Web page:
Citizen Potawatomi Nation CARES Act programs have expanded, allocating more than 65 percent of CPN’s CARES Act distribution to Tribal member programs.
On June 29, the CPN Tribal Legislature passed a resolution to expand funding access to CPN members nationwide who have been impacted by the economic fallout due to the coronavirus. Phase II of the Tribe’s CARES Act response will provide several options to support Citizen Potawatomi members around the country with various needs that may arise from the pandemic.
While the CARES Act was enacted on March 27, 2020, tribal governments did not begin to receive payments until May, which was later than the deadline established by Congress and after states began to receive distributions.
“We have crafted these programs to get financial support to our Tribal citizens by using the most up-to-date information from the federal government, who has put up roadblock after roadblock on the distribution and use of these funds,” said Tribal Chairman John “Rocky” Barrett. “In Phase II, we have established a legal and more efficient means of helping our members while this economic and public health crisis continues. As we receive new guidance, we will continue to adapt these programs to serve our Tribal population.”
In Phase II of the CPN CARES Act programs, financial support for school and college age students around the country is available. Housing support and grocery stipends for Tribal elders and those on disability will also be provided.
“Our Tribal Legislature approved these new programs at the end of June. Since that time, our staff has been working to prepare for a significant demand in assistance,” Tribal Chairman Barrett said. “The elder and disabled food assistance programs offer monthly support. Due to the timing of the applications becoming available, any applicants deemed eligible in August will also receive a payment for July.”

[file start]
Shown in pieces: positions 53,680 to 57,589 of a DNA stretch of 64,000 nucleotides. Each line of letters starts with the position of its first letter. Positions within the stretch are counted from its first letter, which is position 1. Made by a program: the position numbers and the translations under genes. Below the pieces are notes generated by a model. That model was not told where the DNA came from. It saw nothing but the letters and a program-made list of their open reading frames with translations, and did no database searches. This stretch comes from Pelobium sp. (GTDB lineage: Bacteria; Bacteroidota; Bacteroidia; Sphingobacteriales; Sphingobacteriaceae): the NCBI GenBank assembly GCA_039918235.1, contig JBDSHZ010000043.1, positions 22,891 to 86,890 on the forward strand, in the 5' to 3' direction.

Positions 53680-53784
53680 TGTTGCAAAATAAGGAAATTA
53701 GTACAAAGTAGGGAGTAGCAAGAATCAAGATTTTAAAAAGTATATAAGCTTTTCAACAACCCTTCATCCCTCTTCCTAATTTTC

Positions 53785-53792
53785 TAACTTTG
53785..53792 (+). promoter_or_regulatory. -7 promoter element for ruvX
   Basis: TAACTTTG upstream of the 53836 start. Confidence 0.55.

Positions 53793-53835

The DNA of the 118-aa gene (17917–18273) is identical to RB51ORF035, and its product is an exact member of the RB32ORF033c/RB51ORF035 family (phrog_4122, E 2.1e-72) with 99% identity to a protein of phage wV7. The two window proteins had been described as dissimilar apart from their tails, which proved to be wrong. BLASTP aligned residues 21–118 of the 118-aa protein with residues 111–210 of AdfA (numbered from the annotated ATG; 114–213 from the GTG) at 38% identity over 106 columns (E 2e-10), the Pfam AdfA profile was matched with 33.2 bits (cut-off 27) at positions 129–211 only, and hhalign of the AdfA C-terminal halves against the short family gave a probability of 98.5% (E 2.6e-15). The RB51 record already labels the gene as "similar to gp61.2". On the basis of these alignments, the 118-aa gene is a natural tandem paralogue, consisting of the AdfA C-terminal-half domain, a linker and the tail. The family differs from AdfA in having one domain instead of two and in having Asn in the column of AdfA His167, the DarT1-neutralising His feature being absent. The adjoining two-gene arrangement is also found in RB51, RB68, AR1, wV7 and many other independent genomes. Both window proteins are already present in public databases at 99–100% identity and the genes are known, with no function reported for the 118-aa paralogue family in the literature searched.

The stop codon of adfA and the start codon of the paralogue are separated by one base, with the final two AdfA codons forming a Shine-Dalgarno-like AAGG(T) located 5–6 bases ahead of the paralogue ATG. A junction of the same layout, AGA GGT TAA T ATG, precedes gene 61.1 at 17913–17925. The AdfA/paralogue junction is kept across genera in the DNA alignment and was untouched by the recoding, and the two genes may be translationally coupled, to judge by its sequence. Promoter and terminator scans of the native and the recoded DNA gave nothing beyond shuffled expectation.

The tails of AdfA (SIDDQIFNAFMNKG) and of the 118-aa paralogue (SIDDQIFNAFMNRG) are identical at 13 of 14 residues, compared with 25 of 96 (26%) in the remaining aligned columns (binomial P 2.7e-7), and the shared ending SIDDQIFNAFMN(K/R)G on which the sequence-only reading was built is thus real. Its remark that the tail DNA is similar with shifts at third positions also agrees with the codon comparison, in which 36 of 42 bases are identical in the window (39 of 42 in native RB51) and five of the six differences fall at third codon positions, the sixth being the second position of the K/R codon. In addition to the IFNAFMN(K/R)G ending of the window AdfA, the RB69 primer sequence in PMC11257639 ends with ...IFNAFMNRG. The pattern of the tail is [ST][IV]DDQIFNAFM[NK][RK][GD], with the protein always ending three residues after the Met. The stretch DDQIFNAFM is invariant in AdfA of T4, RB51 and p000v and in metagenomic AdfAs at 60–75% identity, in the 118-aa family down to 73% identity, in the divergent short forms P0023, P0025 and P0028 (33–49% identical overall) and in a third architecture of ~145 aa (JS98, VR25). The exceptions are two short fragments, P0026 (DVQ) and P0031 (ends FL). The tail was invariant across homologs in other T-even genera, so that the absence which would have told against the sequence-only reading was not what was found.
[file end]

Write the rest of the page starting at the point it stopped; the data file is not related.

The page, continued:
Phase I updates
As previously reported, Phase I’s programs primarily focused on two direct financial support issues for either individual assistance or Tribal member-owned businesses. According the federal guidance provided at the time of their release by CPN, the Nation had to count federal stimulus funds when determining the payment amount and eligibility for applicants.
After consultation with external and internal CPN legal counsel, Tribal executives have ordered that the stimulus funds not be counted against the total support that the Nation can provide to members.
“We received clarification to direct questions we asked the Treasury concerning these issues. Having done that due diligence, we believe it is safe for our Tribal government to amend this requirement,” said Tribal Attorney George Wright.
For members who have already applied but did not meet the previous standards, the COVID-19 Crisis Compliance Department will review previously submitted applications. If a member was denied support due to the federal stimulus check, staff will issue a distribution of funds according to their need.
“As this unprecedented situation continues to evolve, we’re going to adapt our programs to best serve our Tribal population,” Barrett added. “We’re working with our legal department, the U.S. Congress, and U.S. Treasury to build programs within the federally-issued guidelines to serve our Tribal citizens.”
A full listing and description of the CPN CARES Act Phase II Programs and application portal can be found by visiting potawatomi.org/cares.